Professor Jack Hoadley of Georgetown University recently gave an excellent presentation discussing prices of prescription drugs. Two slides stand out. First, a slide showing how much prescription spending is controlled by insurers and governments versus patients directly:
As recently as 1990, patients controlled over half of drug spending. Today, it is under 20 percent. Has this cost shift made drugs more “affordable”? Obviously not: 8 percent of patients do not take medicines as prescribed, because of cost. Hillary Clinton promises to impose government price controls on drugs if she becomes president.
The second slide shows rebates given by drug makers to insurers in Medicare Part D, the prescription benefit that was launched in 2006:
Rebates have almost doubled from 8.6 percent to 16.8 percent. In other words, if a drug maker says it charges $10 for a drug, it actually receives $8.32 from the insurer.
There is a lot of discussion these days about price transparency. However, it appears price transparency is very difficult once third-party payers (governments and insurers) dominate spending. After decades of being dominated by third-party payers, hospital charges are meaningless. On average, hospitals charge Medicare 3.77 times more than what Medicare pays, with a range of 0.42 times to 16.23 times. In other words, if a hospital sends a claim to Medicare for $10,000, the hospital is most likely to be paid $2,653, but they payment could be as little as $616 or as much as $23,810.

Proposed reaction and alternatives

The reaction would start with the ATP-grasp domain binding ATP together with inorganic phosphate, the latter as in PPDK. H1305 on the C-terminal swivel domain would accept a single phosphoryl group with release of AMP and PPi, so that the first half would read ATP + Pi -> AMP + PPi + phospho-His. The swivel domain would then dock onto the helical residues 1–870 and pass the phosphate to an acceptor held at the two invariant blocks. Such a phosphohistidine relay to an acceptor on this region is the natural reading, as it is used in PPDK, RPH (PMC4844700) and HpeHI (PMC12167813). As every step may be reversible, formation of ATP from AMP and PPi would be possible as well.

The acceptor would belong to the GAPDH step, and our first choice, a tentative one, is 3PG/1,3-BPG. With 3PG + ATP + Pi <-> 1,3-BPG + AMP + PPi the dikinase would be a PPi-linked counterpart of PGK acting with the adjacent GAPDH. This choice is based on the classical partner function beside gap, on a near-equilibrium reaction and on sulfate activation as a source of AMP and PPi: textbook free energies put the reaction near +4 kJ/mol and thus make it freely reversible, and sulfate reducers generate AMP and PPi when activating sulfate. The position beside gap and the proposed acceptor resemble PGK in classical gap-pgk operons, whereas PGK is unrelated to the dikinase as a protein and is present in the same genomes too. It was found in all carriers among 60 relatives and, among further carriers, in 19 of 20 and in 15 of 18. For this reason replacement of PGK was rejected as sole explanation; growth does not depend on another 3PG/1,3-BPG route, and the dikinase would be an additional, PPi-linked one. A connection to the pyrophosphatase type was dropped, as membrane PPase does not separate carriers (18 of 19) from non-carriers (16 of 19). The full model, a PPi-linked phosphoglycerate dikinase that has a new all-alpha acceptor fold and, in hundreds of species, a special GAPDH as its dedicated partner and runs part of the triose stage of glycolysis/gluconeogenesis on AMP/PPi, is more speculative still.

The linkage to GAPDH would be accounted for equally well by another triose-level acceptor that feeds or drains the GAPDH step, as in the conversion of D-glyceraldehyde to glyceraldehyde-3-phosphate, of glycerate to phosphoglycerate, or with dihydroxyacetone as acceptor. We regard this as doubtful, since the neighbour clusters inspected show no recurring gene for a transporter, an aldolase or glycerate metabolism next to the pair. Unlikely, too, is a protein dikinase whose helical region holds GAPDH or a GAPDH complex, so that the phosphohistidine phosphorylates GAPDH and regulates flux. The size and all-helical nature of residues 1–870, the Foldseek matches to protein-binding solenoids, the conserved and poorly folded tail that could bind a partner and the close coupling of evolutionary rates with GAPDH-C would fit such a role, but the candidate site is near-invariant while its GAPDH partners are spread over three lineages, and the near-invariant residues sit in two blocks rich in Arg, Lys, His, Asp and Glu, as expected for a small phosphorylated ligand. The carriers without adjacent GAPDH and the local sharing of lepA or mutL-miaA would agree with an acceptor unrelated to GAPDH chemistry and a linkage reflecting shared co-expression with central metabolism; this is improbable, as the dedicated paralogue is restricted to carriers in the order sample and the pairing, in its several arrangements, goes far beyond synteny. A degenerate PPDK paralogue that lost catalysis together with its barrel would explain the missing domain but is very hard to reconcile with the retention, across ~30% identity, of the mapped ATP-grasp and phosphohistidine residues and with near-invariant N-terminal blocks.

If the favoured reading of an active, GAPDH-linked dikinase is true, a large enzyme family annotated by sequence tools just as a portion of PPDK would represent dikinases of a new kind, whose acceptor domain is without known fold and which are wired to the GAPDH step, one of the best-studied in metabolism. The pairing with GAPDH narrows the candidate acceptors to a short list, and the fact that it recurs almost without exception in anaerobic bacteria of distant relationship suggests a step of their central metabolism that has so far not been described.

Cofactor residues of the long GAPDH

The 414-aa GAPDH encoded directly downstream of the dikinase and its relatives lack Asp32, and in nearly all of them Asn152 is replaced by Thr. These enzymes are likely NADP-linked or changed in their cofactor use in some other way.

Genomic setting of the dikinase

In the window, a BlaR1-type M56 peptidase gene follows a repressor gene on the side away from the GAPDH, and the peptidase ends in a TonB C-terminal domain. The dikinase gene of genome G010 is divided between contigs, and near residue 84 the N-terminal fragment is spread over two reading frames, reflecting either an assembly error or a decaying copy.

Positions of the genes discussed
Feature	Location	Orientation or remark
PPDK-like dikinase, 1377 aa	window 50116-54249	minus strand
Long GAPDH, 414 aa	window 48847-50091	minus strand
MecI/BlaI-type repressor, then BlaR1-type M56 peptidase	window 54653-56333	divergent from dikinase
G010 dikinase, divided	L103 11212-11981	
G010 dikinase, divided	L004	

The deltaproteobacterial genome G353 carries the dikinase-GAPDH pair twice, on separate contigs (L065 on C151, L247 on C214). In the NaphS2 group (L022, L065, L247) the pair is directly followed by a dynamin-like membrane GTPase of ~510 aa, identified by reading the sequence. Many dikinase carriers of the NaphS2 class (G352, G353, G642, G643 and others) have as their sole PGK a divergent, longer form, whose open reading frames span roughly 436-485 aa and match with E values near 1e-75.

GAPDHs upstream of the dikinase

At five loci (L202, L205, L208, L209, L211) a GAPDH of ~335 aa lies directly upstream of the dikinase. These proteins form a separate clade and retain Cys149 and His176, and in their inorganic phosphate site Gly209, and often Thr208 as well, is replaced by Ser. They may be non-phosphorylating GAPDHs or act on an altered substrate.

This has evolved over the years as a kind of symbiosis: It allows insurers to assert they are negotiating impressive discounts from hospitals; and allows hospitals to complain they are being pinned to the mat by insurers. Both actually do pretty well out of the arrangement.
A few years ago, patients benefitted from low, transparent prices for generic drugs dispensed by pharmacies. The $4 prescription is still a mainstay of retail pharmacy. Unfortunately, prescription pricing is becoming less transparent as government expands its reach.